The Search For Perfection, and Musing Thereof

This is a two year old blog (April ‘08) that I’ve rescued off of myspace and updated a bit. It’s still very valid, and an important subject.

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I’ve been kicking around these thoughts for a while, and my hope is that, by writing them out, I’ll be able to crystallize them a bit.  One of my Berklee professors said that we write songs to learn about the subject we choose to write about.  That’s paraphrased, of course, but I don’t feel like digging out my notes.

Regardless, that’s a statement I always think about when I write, be it songs or blogs (which basically serve as self-aware journal entries for me anyway).  Writing is a catharsis; a pressure valve through which we can safely vent emotion without worrying about blowing the cap off of our emotional well (ah, the drilling metaphor—my engineering background rears its ugly head).

So I’ve been thinking about perfection for the last few years, especially as it relates to live performance.  I came to the conclusion long ago (in high school) that it is impossible to play the ’perfect game’.  Sporting events are little bounded bits of chaos theory in action—play the same 5 on 5 game of basketball a hundred times and you’ll never get the exact same game.  You may get the same score, but never the same game.  Play it a thousand times and you still won’t.  Play it an infinite number of times and you still won’t.  Such is the nature of chaos.  In a situation so totally unpredictable (and unrepeatable), perfection is impossible.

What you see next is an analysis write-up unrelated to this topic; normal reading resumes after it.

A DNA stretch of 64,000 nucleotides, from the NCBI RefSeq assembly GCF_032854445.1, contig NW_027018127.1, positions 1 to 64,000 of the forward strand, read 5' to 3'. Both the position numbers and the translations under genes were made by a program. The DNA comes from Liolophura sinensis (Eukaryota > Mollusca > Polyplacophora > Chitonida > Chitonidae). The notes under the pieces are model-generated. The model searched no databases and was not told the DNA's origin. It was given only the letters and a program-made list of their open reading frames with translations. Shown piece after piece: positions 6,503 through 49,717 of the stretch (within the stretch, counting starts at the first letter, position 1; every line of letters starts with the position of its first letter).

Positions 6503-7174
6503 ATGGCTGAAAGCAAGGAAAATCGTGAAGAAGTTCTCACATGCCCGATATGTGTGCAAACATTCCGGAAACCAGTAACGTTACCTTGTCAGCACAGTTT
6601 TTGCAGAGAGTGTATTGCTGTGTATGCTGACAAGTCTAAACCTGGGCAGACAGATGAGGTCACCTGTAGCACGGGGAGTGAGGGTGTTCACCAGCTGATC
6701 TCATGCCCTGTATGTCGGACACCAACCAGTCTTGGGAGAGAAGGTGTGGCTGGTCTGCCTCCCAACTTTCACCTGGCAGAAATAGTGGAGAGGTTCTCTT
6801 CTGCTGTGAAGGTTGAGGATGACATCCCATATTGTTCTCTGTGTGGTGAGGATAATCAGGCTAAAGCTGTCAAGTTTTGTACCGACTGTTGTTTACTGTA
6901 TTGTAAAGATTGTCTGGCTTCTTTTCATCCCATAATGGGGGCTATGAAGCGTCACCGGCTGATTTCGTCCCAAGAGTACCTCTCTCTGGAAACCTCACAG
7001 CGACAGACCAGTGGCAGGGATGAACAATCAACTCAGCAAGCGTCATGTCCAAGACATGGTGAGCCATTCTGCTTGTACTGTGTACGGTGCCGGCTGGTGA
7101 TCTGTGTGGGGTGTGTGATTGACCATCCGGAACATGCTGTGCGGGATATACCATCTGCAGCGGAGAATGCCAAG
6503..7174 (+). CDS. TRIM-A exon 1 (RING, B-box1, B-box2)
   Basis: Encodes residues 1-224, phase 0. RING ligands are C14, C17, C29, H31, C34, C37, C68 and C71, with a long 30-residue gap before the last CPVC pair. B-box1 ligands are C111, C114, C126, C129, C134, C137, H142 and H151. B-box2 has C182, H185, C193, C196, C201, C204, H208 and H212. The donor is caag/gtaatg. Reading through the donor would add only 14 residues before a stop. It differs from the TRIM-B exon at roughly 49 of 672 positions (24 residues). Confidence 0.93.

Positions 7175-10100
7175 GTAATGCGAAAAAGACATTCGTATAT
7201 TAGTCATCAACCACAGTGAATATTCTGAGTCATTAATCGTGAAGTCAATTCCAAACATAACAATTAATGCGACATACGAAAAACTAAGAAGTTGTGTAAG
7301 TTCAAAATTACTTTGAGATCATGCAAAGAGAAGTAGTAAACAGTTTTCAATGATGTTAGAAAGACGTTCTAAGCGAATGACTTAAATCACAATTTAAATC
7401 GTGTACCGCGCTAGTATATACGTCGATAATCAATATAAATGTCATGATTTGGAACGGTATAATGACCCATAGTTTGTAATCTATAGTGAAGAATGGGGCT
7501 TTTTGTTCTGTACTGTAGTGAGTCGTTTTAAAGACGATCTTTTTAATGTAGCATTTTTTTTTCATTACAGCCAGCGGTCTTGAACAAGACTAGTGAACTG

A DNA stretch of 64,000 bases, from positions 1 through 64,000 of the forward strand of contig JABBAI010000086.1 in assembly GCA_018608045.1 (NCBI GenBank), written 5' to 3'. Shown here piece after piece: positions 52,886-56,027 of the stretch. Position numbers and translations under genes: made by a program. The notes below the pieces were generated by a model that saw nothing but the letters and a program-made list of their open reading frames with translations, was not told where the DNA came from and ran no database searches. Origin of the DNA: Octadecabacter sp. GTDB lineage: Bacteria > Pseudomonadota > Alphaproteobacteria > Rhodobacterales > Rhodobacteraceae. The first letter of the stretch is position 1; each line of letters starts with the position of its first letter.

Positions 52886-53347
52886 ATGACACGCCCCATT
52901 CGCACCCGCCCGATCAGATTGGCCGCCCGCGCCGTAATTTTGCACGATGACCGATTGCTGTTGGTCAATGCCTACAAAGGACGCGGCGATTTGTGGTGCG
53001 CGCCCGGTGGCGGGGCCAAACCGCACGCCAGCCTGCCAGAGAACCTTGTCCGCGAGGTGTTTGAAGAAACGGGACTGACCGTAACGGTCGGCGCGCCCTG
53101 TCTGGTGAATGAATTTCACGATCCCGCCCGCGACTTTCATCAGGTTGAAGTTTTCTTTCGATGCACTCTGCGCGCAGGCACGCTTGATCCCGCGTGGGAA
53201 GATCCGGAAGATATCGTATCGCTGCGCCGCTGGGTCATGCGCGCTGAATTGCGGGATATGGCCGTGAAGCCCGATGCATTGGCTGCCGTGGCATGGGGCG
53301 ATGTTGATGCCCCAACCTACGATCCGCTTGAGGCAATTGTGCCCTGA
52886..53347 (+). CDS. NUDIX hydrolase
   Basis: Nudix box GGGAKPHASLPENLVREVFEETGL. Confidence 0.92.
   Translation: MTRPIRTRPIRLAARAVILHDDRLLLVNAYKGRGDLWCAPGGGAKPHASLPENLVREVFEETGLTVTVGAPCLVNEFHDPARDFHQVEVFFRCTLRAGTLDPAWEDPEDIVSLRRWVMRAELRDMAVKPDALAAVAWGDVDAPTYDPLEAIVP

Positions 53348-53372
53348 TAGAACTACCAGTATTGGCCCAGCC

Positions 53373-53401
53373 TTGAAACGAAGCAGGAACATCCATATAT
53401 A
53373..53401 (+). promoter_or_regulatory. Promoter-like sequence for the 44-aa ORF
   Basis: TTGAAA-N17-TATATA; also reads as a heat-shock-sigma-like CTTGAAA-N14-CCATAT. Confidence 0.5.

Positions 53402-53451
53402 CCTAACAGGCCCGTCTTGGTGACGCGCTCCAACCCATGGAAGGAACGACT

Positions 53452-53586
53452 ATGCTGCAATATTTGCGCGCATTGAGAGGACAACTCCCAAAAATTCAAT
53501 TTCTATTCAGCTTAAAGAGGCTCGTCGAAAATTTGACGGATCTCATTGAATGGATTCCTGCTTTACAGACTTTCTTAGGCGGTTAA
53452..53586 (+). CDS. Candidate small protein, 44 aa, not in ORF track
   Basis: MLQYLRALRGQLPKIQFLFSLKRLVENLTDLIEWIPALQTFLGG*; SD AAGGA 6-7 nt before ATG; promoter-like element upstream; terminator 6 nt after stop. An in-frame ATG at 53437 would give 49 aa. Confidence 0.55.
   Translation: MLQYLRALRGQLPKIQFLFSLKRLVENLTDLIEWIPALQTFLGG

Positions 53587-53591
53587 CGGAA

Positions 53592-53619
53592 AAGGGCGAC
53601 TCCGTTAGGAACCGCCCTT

However, that doesn’t mean that one shouldn’t strive for perfection, anyway.  Coming anywhere near perfection is a monumental achievement.  So, if you’re an athlete of any level, you have to learn to be satisfied with less than perfect performances or you have to learn to be very unhappy with your efforts every time you step on your particular field of play.  I’ve been competing in various things my whole life, and this is a lesson I’ve just recently learned.  I moped around for days after every athletic competition from 9th grade on, distraught because I missed a block, missed a shot, missed a steal, missed an open teammate, or whatever.  Despite whatever else great I did during the game.  And this is a recipe for unhappiness.  I learned to lighten up on myself, which was a major step.

But I don’t want to slide too far down that slope, because being too light on yourself is a recipe for failure.  On one side is perfectionism, which is an impossibly high ideal (ultimately leading to an unsatisfying existense), and on the other side is low expectations, which is basically just a rationalization for being a failure.

The balance I’m attempting to strike is the neverending pursuit of small moments of perfection*, and the ability to take pleasure and satisfaction in the effort of that pursuit.

This is especially prescient for me, as an artist, because (just as no one will ever play the ’perfect’ basketball game) no artist will ever play a perfect show.  Live music is just as chaotic as live sporting events.  Really, any unscripted performance is pure chaos.  But it’s important not to define the success of your live performances by the quality of your performance; rather, define it by the enjoyment you give to the listener.  How involved are they?  Did you reach them on a personal level?  Did you do your best to make your songs accessible to each particular person in the crowd?  Performance is a gift from the artist to the audience, and though you’ll never play a perfect show you can always play a successful show by keeping in mind what you’re there to do.

I have much more to say on perfectionism, specifically as it relates to procrastination.  Hopefully I will be able to touch on that in a future blog.  Also, how I’m jealous of pigeons. smile

*perfection on a large scale is unattainable, but I think small moments of perfection are perfectly within reach.

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